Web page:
July 24, 2015

The Island Fringe Festival 2015 is Just Around the Corner!

This Year’s Line-up

The Island Fringe may be turning four years old, but it’s very mature for its age. This year, Festival shows take a step towards heavier themes like sex, existentialism and, darkest of all, romantic films. That’s just a taste from the 4th annual Island Fringe Festival, running August 6-9, 2015.

The Festival kicks off with the triumphant return of Scribbler Skeletons: Shameless Readings of Childhood Writings, an addicting foray into the embarrassing and endearing childhood diaries, blogs, and letters of our younger selves. Come laugh and cringe with the Fringe at Marc’s Lounge on August 5 at 8pm.

The shows begin on August 6 and continue through August 9, with eight performances daily at various venues across the city. The Island Fringe is thrilled to welcome performers from New York City, Washington DC, Toronto & PEI.

An Island Affair from Charlottetown features a cast of twelve (the largest of the Festival) in a world-premiere burlesque-style variety show with a contemporary twist, featuring a live jazz band.

Returning to PEI after last year’s sold-out Fringe hit Happy, Nicholas Browne brings his cast of seven from NYC with Because You’re Not, a dramedy that follows its protagonist through love, loss, and his painful yet hilariously tenuous grip on reality.

Four solo performances will grace this year’s Festival. An Incomplete (Sex) Education from Washington DC takes a unique look at the American public school approach to this tricky subject.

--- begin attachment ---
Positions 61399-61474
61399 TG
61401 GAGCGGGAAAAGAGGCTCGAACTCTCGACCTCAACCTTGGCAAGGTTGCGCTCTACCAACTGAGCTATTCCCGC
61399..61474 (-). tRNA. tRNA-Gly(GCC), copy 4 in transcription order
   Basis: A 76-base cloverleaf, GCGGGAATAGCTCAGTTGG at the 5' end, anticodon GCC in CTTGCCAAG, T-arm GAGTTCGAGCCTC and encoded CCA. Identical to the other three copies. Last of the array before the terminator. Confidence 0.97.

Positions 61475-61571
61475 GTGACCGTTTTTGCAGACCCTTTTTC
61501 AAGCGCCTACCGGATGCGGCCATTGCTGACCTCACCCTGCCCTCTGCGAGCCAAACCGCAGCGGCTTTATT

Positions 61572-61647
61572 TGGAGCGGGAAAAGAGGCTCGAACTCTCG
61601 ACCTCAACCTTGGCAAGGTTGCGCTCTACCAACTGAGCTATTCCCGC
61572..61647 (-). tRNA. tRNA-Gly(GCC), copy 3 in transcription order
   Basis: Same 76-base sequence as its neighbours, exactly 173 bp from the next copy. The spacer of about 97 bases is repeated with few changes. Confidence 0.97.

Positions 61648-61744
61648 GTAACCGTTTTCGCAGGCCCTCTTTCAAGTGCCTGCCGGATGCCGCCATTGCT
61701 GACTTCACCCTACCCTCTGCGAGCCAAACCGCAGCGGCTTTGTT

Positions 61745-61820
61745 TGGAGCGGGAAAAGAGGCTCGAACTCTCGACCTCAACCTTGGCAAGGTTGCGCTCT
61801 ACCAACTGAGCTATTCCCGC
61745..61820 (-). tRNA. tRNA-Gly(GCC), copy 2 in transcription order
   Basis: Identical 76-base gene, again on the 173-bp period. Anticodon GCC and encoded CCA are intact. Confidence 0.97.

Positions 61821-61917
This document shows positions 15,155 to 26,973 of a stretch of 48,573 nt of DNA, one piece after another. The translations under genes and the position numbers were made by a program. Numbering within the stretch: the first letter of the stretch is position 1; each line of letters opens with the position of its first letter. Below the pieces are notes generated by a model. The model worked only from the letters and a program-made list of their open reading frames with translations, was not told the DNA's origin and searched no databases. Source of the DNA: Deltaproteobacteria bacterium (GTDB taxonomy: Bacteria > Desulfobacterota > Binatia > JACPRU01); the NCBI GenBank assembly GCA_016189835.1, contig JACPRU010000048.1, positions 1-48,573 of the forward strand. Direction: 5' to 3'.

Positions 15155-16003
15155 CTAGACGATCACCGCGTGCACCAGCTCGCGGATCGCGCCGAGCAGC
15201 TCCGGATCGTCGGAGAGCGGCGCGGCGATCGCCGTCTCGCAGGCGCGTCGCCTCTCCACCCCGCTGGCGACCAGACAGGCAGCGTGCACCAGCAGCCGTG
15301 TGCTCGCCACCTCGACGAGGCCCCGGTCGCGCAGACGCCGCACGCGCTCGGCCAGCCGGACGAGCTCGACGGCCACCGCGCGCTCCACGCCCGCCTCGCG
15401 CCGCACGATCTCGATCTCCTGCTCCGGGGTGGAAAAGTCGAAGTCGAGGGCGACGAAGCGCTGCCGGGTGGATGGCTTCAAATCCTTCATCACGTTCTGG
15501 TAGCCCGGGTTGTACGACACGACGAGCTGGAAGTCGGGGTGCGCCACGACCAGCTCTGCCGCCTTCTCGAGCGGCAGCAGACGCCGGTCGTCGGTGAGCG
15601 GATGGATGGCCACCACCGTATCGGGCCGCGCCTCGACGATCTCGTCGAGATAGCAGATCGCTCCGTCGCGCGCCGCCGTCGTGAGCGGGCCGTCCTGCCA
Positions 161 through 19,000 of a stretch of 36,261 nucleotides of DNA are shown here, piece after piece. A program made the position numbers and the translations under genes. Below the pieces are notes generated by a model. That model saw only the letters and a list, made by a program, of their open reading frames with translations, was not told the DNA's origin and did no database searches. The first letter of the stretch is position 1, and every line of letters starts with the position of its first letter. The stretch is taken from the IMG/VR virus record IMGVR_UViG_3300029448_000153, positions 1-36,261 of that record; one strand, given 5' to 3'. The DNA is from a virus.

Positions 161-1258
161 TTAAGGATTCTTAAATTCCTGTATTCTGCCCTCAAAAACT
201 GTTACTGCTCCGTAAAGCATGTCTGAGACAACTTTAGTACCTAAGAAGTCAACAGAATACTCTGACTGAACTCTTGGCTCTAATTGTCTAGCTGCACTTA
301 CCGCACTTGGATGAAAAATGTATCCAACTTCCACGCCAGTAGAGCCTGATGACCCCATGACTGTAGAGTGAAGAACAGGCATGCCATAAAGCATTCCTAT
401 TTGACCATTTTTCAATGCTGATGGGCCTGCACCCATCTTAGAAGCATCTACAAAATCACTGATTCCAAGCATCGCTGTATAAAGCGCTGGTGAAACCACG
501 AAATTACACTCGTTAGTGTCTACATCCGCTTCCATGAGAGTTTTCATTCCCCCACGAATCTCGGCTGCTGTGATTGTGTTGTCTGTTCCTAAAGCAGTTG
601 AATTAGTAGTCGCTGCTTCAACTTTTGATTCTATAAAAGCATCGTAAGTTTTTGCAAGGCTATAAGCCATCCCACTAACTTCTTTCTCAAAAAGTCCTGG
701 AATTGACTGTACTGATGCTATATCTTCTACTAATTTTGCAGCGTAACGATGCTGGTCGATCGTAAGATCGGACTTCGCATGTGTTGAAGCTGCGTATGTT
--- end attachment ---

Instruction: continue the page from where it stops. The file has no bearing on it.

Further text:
Toronto’s Jessica Fitzpatrick tugs at our heartstrings in Cupidity, an endearing comedy about one woman’s obsession with romantic films.

Also hailing from Toronto, Reverie Theatre’s Once You’ve Found It tells the story of a man’s desire to do one last thing for his grandmother: live a happy life. Through alternate worlds created by the playwright, the audience is taken on a journey through reality and make-believe.

Last year, local Laura K. Bird looked back on how her front shaped her life. In Busted 2: The Sagging Continues, the sequel to the 2014 Fringe hit Busted: A Mammoir, she looks down the road to the future & still can’t see her toes.

Two more Charlottetown productions fill this year’s Island Fringe lineup. Small Talk follows the story of two women named Jane. Set in a morgue, this dark comedy explores the relationship between Jane and Jane as they discover that they may have more in common than a mutual dislike for Coronation Street.

Another local dark comedy, Blindness, A Dark Comedy is an existential dance comedy that looks into what it is to go blind. Through interpretive dance and the occasional jazzhands, the show’s heroine shows that going blind doesn’t have to leave you in a dark place.

All Island Fringe shows are admission by donation, with donations going directly to the participating artists. Have no fear! The Fringe still features fun for the whole family! As part of the expanded 2015 edition of the Festival, the Fringe will be hosting “Fringe in the Park”: free, family-friendly events in Rochford Square from 2-4pm, each day of the festival.

On Thursday, August 6 the Fringe will host an eco-friendly celebration complete with free yoga classes, a clothing swap and healthy treats.

On Friday, August 7 “Comic Sans” comes to life: a superhero-inspired event where folks can dress up as their favourite comic book heroes, draw their own comics, and even take part in a superhero obstacle course.

On Saturday, August 8 the Fringe will host a garden party, so be sure to wear your best sunhat and gloves!